Total Joint Surgery

Preparing for Joint Surgery

If you are contemplating a total knee or hip replacement, we want to help you achieve the best outcome possible. The planning and preparation for a total joint surgery can span several weeks or months, depending on your overall health and your needs for care after the surgery.

Smokers will be encouraged to quit smoking before surgery. Studies show a direct link between smoking and the healing process and the increased risk of infection. We work with your primary care physician and other specialists to get conditions like diabetes, obesity, high blood pressure, and other chronic conditions under control before, during, and after surgery.

As a part of the preparation for surgery, we will work with you to develop a plan for care after you go home from the hospital. Social support is a must after joint replacement. We encourage you to discuss this with your family before surgery to find the best solutions for your personal needs. In addition to social support, postoperative physical therapy is a critical component of the overall success of your joint replacement. Various mechanisms exist for delivering these services, from home health physical therapy to the outpatient office, many of which reside in the same building as your surgeon.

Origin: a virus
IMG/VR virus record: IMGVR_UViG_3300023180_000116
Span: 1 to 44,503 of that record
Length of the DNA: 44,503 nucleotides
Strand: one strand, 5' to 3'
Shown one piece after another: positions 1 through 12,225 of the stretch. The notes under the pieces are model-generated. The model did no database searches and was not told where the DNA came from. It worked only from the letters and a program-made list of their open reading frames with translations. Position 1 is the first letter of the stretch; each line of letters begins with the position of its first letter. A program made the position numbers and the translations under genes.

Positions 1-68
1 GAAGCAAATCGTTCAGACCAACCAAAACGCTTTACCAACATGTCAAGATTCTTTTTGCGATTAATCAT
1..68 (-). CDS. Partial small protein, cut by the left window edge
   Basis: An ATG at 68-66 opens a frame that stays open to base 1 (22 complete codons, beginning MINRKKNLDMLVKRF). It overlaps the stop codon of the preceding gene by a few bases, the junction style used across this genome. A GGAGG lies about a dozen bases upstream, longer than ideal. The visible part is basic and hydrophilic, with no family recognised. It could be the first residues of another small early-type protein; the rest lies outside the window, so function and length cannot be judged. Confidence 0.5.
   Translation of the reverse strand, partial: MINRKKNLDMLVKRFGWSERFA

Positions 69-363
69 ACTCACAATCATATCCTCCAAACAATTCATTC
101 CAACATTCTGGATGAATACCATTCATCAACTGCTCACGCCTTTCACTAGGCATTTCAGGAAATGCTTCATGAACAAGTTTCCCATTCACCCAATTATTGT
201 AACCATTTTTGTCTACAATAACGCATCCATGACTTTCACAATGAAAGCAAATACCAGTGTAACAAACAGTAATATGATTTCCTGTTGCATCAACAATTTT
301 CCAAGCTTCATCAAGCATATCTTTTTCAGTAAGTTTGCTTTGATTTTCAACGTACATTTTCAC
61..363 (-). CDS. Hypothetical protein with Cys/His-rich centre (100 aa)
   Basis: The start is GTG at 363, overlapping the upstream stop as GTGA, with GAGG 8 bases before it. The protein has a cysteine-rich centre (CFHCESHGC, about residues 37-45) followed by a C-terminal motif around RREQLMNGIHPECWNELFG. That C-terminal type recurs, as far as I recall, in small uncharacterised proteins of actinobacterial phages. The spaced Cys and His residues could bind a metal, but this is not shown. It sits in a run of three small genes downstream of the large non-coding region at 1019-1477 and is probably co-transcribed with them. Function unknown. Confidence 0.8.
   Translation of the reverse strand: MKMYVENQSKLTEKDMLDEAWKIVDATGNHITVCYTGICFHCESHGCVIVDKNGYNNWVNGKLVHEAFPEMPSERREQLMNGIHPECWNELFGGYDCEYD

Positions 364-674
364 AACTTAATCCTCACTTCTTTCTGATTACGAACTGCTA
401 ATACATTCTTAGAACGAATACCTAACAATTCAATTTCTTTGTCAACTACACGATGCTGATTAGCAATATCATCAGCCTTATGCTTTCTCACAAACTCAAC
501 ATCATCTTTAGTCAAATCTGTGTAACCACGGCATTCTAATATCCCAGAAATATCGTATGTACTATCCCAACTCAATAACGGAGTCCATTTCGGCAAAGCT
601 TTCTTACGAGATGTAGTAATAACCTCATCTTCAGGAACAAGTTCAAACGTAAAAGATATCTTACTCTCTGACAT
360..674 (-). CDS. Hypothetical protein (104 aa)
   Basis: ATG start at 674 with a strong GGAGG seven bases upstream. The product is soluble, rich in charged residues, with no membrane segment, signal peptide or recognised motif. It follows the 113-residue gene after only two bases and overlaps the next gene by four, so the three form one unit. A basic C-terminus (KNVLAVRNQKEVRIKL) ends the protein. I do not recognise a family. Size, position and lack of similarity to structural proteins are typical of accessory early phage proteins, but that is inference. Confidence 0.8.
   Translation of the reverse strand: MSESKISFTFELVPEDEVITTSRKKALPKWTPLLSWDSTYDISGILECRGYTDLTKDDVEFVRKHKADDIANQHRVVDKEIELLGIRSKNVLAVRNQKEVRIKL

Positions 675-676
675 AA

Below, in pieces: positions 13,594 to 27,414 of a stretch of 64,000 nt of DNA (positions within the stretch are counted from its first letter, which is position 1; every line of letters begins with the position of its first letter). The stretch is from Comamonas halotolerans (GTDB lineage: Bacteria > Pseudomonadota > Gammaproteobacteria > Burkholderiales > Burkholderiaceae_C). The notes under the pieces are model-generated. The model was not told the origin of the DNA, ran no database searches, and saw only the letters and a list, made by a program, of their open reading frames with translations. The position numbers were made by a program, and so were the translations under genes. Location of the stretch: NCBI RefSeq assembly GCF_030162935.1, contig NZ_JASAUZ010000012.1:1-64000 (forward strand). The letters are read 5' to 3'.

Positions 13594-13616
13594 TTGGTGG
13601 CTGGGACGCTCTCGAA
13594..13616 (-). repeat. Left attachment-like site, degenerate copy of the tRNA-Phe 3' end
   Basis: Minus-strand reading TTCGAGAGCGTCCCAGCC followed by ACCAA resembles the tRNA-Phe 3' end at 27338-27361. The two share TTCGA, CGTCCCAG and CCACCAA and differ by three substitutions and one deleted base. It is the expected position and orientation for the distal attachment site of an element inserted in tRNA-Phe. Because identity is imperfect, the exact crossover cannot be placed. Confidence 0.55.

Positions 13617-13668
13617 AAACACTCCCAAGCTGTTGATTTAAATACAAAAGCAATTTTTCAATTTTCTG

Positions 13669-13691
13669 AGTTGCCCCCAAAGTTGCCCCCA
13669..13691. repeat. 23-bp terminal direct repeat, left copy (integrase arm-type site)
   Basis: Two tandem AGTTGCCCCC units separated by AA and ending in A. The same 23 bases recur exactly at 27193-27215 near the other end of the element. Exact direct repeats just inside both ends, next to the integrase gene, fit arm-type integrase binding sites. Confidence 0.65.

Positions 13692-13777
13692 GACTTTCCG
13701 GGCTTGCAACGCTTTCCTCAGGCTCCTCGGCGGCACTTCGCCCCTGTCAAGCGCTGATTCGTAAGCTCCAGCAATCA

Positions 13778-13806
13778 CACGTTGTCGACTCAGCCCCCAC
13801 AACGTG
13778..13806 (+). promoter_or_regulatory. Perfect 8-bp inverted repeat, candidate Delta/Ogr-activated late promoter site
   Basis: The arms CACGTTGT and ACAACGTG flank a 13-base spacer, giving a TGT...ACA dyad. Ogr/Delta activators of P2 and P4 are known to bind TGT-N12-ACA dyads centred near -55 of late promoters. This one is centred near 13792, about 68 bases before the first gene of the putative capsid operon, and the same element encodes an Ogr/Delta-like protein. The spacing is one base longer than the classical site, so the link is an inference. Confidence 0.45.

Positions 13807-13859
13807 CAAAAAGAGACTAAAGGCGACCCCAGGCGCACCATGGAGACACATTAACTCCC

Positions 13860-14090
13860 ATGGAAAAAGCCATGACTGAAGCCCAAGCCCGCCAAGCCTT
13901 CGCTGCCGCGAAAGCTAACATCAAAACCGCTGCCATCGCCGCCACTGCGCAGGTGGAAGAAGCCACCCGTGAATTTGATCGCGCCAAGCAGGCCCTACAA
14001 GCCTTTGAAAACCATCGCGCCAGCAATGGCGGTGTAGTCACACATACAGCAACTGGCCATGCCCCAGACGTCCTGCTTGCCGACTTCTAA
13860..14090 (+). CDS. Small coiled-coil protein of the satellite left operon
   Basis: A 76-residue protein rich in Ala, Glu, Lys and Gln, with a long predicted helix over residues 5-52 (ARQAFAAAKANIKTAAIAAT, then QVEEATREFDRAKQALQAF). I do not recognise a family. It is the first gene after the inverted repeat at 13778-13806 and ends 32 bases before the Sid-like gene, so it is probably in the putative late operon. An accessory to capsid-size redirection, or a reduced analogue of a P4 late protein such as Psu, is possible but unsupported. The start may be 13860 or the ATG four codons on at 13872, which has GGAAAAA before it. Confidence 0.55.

After Total Joint Surgery

Now that you have a prosthetic joint, there are some safety tips that we, as your surgeons at Gulf Orthopaedics, would like you to remember.

Any procedure or infection that could result in bacteria entering your blood could cause your new joint to become infected and cause problems ranging from pain to loosening or failure, requiring additional surgery. Examples of conditions to be cautious of include dental work, bowel, bladder, prostate procedures, and any significant infections such as pneumonia or urinary infections. Please consult your surgeon regarding the use of prophylactic antibiotics.

Some surgeons recommend that you have an X-ray of the prosthesis each year so that the plastic wear and condition of your joint can be monitored. Total joint survivorship (aka how long it last) is well over 90% beyond 20 years, although it can vary and should be monitored periodically.

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